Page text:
Scissors Coup is a type of coup in bridge, so named because it cuts communications between defenders. By discarding a card or cards either from declarer’s hand or from dummy or both, declarer can stop them from transferring the lead between each other, usually to prevent a defensive ruff.

Dealer East. E/W Vul

9 6
A J 9 7
A K Q 10 2
7 2
J 10 5
J 8 7 6 3
9 8 6 4
A K Q 7 4 2
K 3 2
Q J 10
8 3
Q 10 8 5 4
9 4
A K 5 3

As before, it is assumed that, after East had opened the bidding with one spade, South is playing the hand in contract of four hearts.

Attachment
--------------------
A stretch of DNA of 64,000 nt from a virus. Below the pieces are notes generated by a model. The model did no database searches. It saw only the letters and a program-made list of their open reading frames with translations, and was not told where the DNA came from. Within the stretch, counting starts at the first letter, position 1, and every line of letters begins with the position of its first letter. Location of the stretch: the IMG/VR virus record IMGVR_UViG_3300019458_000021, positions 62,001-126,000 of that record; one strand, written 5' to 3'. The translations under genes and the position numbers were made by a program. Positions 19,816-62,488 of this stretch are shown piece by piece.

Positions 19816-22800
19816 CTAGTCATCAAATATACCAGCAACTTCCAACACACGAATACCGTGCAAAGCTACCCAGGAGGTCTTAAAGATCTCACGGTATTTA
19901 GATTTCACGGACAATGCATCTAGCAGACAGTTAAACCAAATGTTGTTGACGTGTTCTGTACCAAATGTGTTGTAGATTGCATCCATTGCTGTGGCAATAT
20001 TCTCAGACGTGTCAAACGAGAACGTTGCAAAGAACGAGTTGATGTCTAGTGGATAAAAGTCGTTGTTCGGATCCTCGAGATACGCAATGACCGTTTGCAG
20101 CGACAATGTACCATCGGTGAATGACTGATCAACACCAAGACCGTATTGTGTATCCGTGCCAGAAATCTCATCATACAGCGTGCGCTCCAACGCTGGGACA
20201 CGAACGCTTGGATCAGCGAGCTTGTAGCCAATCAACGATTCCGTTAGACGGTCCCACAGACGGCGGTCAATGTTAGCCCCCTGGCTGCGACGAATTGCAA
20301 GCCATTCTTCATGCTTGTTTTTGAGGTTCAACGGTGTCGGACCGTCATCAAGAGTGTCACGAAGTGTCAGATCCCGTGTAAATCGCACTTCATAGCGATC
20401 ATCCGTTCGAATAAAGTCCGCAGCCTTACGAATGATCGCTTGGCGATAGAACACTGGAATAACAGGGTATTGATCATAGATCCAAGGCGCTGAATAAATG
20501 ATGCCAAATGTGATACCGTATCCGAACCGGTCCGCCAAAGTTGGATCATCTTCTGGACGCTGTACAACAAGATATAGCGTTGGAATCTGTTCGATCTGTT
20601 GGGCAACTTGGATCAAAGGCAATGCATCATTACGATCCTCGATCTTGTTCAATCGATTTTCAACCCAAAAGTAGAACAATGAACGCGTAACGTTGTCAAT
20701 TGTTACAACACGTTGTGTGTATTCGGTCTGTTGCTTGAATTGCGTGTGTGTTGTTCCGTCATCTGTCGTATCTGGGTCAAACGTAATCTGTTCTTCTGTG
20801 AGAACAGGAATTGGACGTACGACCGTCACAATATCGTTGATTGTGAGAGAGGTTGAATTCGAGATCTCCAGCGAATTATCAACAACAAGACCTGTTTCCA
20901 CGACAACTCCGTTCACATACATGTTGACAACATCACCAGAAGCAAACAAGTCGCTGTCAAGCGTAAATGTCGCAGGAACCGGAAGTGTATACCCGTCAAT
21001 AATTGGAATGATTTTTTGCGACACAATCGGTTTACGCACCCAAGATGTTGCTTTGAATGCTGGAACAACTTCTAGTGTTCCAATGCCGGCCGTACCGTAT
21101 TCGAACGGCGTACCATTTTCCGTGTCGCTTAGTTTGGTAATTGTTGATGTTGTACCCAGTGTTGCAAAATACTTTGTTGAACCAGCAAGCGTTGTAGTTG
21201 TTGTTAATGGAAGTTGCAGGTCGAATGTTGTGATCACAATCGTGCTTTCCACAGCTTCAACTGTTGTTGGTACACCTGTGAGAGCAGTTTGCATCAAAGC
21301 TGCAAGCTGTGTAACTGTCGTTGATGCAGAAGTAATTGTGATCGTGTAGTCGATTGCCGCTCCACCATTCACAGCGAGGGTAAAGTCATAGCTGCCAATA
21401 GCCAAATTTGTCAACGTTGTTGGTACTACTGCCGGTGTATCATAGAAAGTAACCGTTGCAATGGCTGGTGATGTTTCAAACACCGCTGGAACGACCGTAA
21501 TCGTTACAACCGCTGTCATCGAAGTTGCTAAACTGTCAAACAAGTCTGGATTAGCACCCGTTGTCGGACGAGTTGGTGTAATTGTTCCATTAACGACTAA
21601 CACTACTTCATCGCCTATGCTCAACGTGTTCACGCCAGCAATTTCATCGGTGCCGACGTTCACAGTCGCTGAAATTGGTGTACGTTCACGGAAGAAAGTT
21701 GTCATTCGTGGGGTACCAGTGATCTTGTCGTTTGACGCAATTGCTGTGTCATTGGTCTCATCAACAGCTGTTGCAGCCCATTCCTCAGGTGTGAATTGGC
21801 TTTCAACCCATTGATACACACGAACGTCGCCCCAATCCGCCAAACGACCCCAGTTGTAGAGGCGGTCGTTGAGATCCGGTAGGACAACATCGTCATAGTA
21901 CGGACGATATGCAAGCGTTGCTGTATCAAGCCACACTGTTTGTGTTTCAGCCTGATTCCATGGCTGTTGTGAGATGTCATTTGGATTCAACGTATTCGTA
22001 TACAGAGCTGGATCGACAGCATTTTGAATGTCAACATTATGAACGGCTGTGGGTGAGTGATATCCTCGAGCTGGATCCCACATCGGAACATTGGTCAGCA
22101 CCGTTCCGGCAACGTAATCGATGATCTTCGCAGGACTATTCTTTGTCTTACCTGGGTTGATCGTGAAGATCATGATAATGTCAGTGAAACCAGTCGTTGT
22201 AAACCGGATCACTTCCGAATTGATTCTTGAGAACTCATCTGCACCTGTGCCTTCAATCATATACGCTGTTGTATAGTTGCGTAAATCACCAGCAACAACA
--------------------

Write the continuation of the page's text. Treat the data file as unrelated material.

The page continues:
The lead of the J is won by East’s Q and the singleton diamond is returned. After winning the second trick in dummy, South leads a club.

Assume East plays his 10 and South wins with the A. South re-enters dummy with the A and leads dummy’s last club. This is won with the K, and a third round of clubs is played on which dummy’s last spade is thrown.

East is obliged to win, and he cannot now put his partner in the lead in order to obtain the ruff of a diamond. The play has kept the dangerous opponent, West, out of the lead.